McDonald, Charles Alan, New School for Social Research, New York, NY - To aid research on 'Jewish Relations: Conversion, Inheritance, and the 'Return to Sepharad' in Spain,' supervised by Dr. Ann L. Stoler
Preliminary abstract: In 1492, nearly a millennium of Jewish civilization on the Iberian Peninsula was extinguished when Spain decreed that all unconverted Jews would be expelled from the land known in Hebrew as Sepharad. Five centuries later, immigrants, converts, and the state are dramatically reconfiguring the place of Jews and Judaism in Spain. Although Jewish conversion, cultural heritage, and immigration are commonly taken to be multiple manifestations of a single
phenomenon--the 'return to Sepharad'--my research investigates the divergent actors and objectives that animate these projects to understand how the enactment of such 'returns'--whether of contemporary neighborhoods to medieval landscapes, of Spaniards to Judaism, or of Sephardic Jews to Spain--reconfigure debates about the nature of Jewish personhood, history, and the pressing contemporary question of coexistence. My study is guided by questions in three domains where claims to the Jewish past and present are made: (1) Conversion: How and when is an individual's Jewishness recognized as a historical fact or a future possibility? (2) Inheritance: What concepts and materials make it possible to claim people, places, and objects as Jewish inheritance? (3) Coexistence: How do Jews figure in debates about the potential for the celebrated medieval convivencia of Jews, Christians, and Muslims to serve as a template for contemporary multicultural inclusion? Unlike scholarship that focuses on the exclusion of Europe's religious minorities, my project instead examines the inclusion--however uneven and contradictory--of Jewish people and history in Spain in an
effort to shed new light on the vexed conditions of European multiculturalism.
Panagiotopoulos, Helen, City U. of New York, Graduate Center, New York, NY - To aid research on 'The Question of Money: State, Protest, and Informal Currencies in the Wake of Greece's Economic Crisis,' supervised by Dr. Ida Susser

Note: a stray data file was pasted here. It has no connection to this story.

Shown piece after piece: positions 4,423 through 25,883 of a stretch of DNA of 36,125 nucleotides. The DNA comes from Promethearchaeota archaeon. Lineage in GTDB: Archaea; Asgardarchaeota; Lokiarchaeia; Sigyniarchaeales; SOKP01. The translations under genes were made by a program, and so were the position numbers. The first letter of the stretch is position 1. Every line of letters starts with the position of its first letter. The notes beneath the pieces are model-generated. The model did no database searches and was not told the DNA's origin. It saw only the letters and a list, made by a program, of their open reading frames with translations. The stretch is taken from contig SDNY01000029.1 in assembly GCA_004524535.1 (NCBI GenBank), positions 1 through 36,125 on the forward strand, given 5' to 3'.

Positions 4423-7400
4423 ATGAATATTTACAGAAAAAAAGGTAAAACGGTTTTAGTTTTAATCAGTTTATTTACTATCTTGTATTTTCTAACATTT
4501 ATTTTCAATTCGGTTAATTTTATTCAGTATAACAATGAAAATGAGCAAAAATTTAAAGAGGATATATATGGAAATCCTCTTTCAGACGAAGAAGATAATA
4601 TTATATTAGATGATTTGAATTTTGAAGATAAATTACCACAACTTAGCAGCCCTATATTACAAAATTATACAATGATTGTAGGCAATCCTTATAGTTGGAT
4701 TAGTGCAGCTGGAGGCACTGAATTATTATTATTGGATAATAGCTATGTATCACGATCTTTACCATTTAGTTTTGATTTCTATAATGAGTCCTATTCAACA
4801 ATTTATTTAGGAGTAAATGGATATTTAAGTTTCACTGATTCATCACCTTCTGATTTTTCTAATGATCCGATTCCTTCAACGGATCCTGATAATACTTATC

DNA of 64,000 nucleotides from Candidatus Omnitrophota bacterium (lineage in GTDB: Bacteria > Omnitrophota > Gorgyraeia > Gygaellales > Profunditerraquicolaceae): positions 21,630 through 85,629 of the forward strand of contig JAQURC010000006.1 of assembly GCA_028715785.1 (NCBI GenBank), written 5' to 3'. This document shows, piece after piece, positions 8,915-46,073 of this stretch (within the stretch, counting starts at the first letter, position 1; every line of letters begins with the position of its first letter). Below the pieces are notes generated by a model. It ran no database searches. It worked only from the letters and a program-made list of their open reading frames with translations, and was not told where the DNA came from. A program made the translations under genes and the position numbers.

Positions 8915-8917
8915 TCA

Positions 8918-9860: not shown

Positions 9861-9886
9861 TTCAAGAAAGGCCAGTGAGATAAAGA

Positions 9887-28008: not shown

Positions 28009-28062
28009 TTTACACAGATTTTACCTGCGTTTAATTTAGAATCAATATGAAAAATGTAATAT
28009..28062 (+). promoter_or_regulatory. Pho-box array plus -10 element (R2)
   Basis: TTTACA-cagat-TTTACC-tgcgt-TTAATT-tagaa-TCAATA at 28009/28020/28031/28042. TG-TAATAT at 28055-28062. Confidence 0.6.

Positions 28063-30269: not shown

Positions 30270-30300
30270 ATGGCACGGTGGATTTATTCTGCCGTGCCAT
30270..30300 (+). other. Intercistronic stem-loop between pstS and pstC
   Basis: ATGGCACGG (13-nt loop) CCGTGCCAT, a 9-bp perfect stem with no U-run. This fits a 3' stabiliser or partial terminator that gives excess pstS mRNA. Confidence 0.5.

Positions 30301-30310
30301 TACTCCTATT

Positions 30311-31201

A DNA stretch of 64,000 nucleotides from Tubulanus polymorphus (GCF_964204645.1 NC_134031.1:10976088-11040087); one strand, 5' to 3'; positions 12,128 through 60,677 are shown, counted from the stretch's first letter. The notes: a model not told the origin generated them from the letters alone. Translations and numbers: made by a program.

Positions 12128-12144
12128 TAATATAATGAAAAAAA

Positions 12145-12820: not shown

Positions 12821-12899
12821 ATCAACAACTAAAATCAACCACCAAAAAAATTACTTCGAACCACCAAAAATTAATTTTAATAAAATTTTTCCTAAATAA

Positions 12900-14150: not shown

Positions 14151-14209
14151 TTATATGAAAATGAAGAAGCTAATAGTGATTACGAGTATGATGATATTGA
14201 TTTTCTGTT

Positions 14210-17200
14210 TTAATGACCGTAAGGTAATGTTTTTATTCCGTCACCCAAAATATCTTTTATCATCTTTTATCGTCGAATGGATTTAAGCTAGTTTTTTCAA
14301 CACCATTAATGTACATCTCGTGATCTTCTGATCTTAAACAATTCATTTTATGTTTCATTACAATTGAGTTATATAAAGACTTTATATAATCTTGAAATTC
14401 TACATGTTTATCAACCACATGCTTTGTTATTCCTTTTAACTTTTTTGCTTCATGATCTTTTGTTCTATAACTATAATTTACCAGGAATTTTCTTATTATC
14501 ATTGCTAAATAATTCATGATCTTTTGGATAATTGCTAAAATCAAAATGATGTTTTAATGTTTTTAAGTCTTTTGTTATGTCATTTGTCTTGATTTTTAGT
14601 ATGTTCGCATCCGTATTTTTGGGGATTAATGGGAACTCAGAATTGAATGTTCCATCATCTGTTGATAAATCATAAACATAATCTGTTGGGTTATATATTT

Preliminary abstract: Since the 2008 government debt crisis Greeks have relied on the circulation of multiple informal currencies--trading goods and services without euros. These social and solidarity economies seek to reclaim community resources for local citizens in protest of the staggering inequalities precipitated by Greece's rising government debt, privatization of public assets, and structural reforms. People use local exchange trading schemes like barter, time banks, and mutual credit clearing, and crypto currencies like bitcoin and free coin just to survive in a context where coinage is scarce. Using a multi-sited approach utilizing interviews, participant observation, extended case analysis, and periodical and online database over a period of fifteen months, this multi-sited dissertation research examines how the circulation of multiple currencies not recognized by the state shape social and political life and understandings of money and value. It analyzes how Greeks and migrants use local currencies to redefine the boundaries of nation in the context of a single European currency.
Grant, Dr. Bruce M., New York U., New York, NY - To aid research on 'Cosmos and Cosmopolitanism in the Azeri Caucasus'
DR. BRUCE M. GRANT, New York University, New York, New York, received funding in April 2008 to aid research on 'Cosmos and Cosmopolitanism in the Azeri Caucasus.' Despite centuries of participation in Silk Road trade and evidence of intense linguistic, religious, and cultural pluralisms, the mountainous Caucasus region has long been thought of as a 'closed society,' unwelcoming to outsiders. Through a project on the life of a small but regionally famous village in rural northwest Azerbaijan over the course of the twentieth century, the grantee combined extended field and archival research to consider the manifold but rarely documented ways that the Caucasus region has deeply embedded in economic, political, religious, and social networks across Turkey, the Middle East, Central Asia and beyond. The research found fresh accounts of Sufi-style networks across Azerbaijan, and worked with a number of local religious leaders who considered that the hard-won religious traditions preserved in the late Soviet period compare in some respects more favorably, paradoxically, to those practiced today in a time of expanded religious tolerance. With this ethnographic approach to cultural history, the goal of this research was to better understand the Soviet project itself, as well as the logics of sovereignty in a world area too long known only for its violence.